Apple's Wild Week: Tech Weekly Recap
On Monday, an analyst did the unthinkable (gasp! the horror!) and downgraded Apple, citing concerns about carrier subsidies.
"We believe that investors should take a breather during the expected strength of this quarter and the rapid rise in the stock," Piecyk wrote, citing potential changes in the wireless industry. "We expect post-paid wireless operators to remain firm in their plan to stunt the pace of phone upgrades in 2012 and we expect to see some initial evidence of their success in the current quarter."
Piecyk downgraded Apple from buy to neutral after shares hit his $600 price target.
Despite the downgrade on Monday, Apple continued to chug higher, with the company surpassing $600 billion in market cap for the first time on Tuesday. Shares touched a high of $644 that day, before settling at $628.44.
Apple shares have soared since the start of 2012, gaining 49.44%. That outpaces the 15.58% gain seen in the Nasdaq.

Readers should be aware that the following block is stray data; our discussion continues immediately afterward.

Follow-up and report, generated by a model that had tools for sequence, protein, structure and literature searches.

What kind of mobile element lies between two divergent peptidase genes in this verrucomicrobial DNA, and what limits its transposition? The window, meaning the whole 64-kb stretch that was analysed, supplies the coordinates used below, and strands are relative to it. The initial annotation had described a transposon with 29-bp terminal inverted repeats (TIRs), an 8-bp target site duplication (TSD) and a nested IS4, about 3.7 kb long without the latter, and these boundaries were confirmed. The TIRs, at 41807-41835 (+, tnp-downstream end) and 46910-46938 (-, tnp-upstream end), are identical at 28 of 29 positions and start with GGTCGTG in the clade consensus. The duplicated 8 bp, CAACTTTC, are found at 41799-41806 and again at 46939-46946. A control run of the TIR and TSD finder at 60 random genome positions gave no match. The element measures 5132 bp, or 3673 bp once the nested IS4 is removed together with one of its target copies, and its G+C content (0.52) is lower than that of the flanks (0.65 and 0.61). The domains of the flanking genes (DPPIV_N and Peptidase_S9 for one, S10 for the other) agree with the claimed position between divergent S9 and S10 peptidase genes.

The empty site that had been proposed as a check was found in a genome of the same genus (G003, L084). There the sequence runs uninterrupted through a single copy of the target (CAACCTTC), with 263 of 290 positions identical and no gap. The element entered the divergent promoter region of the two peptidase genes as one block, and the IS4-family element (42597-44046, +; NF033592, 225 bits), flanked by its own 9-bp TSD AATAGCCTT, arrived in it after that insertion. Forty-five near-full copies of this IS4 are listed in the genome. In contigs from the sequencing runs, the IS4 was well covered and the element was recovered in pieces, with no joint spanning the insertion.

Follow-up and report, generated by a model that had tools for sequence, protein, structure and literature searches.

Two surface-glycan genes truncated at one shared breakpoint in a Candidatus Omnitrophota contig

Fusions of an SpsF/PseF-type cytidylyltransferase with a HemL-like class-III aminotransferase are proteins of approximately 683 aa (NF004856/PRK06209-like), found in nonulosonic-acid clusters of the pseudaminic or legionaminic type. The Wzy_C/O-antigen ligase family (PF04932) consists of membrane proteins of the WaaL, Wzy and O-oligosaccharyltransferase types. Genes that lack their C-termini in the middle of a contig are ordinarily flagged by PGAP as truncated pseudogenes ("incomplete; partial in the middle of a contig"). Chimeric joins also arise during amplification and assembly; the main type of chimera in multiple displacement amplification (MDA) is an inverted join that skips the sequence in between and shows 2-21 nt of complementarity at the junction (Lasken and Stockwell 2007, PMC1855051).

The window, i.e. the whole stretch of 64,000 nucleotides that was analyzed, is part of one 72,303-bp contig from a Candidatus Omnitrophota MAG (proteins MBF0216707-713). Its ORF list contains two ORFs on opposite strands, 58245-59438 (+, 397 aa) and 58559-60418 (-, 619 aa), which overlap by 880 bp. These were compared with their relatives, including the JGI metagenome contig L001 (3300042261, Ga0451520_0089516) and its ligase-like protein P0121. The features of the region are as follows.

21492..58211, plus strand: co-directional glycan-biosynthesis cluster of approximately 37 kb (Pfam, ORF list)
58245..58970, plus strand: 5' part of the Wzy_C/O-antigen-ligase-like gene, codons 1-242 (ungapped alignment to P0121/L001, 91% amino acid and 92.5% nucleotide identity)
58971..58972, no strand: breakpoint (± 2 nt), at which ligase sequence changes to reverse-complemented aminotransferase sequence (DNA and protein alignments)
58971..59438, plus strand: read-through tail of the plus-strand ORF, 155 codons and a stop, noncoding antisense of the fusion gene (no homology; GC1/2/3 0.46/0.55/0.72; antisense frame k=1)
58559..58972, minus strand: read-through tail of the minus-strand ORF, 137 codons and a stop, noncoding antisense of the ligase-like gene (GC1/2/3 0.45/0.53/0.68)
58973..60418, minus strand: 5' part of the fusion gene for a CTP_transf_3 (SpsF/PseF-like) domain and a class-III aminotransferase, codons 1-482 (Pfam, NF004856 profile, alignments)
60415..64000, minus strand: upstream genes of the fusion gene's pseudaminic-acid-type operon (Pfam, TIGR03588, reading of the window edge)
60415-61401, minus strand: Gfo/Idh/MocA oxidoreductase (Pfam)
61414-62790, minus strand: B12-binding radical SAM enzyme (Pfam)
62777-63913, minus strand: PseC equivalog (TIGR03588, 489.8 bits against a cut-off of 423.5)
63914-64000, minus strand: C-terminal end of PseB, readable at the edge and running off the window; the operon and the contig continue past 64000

Apple also made headlines on Wednesday, but for very different reasons. The tech giant was named in a lawsuit from the Justice Department over e-book pricing.
The Justice Department sued Apple, along with book publishers Macmillan and Pearson's(PSO) Penguin Group "for conspiring to increase the prices that consumers pay for e-books," according to Attorney General Eric Holder.
Price target raises for Apple were back in style Thursday, as Credit Suisse raised its target to $750 from $700, citing higher iPhone volumes.
"In a multi-device world, Apple is materially advantaged versus peers," said analyst Kulbinder Garcha in his research report. He raised his earnings estimates for 2012 and 2013 by 5% and 10%, respectively, to $50.14 a share and $60.72 a share.
Shares of Apple closed lower on the week, losing 4.49% to finish at $605.23.
Despite not being public yet, Facebook made a major splash, as it snapped up (pun intended) Instagram for $1 billion in cash and stock on Monday.
Instagram, the popular photo-sharing app, reportedly has more than 40 million users, is the No. 1 free app on Apple's App Store, and recently became available on Google's Android market. The app lets users take pictures using their iOS and Android devices and apply filtered effects. These images can then be shared with friends and other Instagram users.